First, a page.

Why Balancing Personalization with User Experience Benefits All
As our industry continues to evolve — especially as it relates to the issues of identity, personalization, and privacy — Rubicon Project has an ongoing commitment to finding the best ways to leverage technology to help solve for these issues while also helping improve performance for our client base. This is central to our intent to be one of the world’s most efficient, transparent, and complete digital advertising marketplaces.
Central to almost every transaction in our ecosystem is some version of targetable-but-anonymous identity, or representation of identity. On the web, the world has long used browser cookies for this purpose, and more recently device IDs for in-app impression opportunities.
Along the way, the ad tech industry has admittedly overused the browser cookie, leveraging its ability to hold small pieces of data, then make those data points easily referenceable by functions of the browser as a way to store and communicate identifiers. As we’ve grown as an industry and have begun to reach some very significant scale, the use of the browser cookie as a medium for identity now results in a tremendous amount of web traffic dedicated to simply transiting these identifiers. Because every cookie is domain-based, in order for one ad tech entity to have a common understanding of the identity signal from another source, we engage in what’s known as “cookie sync”. This is the process of trading these user ID values from domain to domain, ultimately enabling a (somewhat reliable) common identity framework for advertising.
This causes a problem: The process of this “sync” system puts a lot of strain on the browser, network bandwidth, and ultimately the end user. The browser cookie was not originally intended to be a vehicle for identity management.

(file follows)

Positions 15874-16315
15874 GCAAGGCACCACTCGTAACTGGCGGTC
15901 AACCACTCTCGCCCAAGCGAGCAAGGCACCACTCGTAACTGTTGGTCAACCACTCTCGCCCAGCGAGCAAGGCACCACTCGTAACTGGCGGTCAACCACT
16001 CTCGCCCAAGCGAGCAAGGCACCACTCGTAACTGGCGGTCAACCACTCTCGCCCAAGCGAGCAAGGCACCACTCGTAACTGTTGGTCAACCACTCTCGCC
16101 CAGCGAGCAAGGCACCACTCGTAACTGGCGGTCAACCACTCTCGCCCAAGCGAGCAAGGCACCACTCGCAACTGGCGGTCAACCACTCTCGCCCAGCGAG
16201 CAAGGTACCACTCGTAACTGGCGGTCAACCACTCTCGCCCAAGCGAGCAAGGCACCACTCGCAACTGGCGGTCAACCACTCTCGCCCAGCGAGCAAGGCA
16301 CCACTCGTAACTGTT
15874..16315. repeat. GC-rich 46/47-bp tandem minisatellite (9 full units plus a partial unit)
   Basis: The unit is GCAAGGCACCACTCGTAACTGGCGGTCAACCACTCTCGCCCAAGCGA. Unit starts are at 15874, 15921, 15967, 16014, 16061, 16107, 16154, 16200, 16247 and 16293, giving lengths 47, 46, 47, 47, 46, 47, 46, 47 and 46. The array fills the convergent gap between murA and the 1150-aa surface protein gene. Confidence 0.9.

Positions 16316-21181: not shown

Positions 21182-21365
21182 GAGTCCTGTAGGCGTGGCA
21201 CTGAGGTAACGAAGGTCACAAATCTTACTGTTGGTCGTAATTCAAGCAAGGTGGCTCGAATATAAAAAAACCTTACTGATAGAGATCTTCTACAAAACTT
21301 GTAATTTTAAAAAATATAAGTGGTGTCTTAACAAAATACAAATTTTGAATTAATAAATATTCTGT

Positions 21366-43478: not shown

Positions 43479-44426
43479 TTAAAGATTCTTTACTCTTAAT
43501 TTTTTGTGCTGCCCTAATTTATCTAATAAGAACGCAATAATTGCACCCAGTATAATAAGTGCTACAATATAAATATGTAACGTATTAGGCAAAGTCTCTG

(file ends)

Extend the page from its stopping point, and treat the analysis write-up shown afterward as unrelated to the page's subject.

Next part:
At the same time, the Internet goes more and more “mobile” every day. The traffic generated from app usage continues to skyrocket, easily surpassing the growth of the web browser. As mentioned, the in-app world has a far more elegant way of transiting “identity”; the device ID, which allows for unique identifiers which are always the same and are not tied to the app used, a domain, or anything other than the device they represent.
Recently there have been efforts by the web community to come up with browser-based solutions that behave more like device IDs: cookie-based systems (out of necessity, due to the browser environment) that try to behave more like the device ID world. These systems endeavor to use unique or common identifiers which should greatly reduce the amount of “syncing” necessary, thereby improving the ad tech network footprint while simultaneously improving the concept of identity for advertising.
To this end, Rubicon Project has recently started to support the Ad ID Consortium. Consortium members elect to use common namespace(s), which allows for shared cookie resources with no asks or requirements of sellers to support. In doing so the Consortium obviates a large percentage of cookie syncing, which improves user experience, network load, and page performance while at the same time creating a shared ID system that delivers far greater identity fidelity. This ultimately delivers better, more targeted ads to users and better outcomes for both buyers and sellers.
Tags: Brands, open id, personalization, publishers, user experience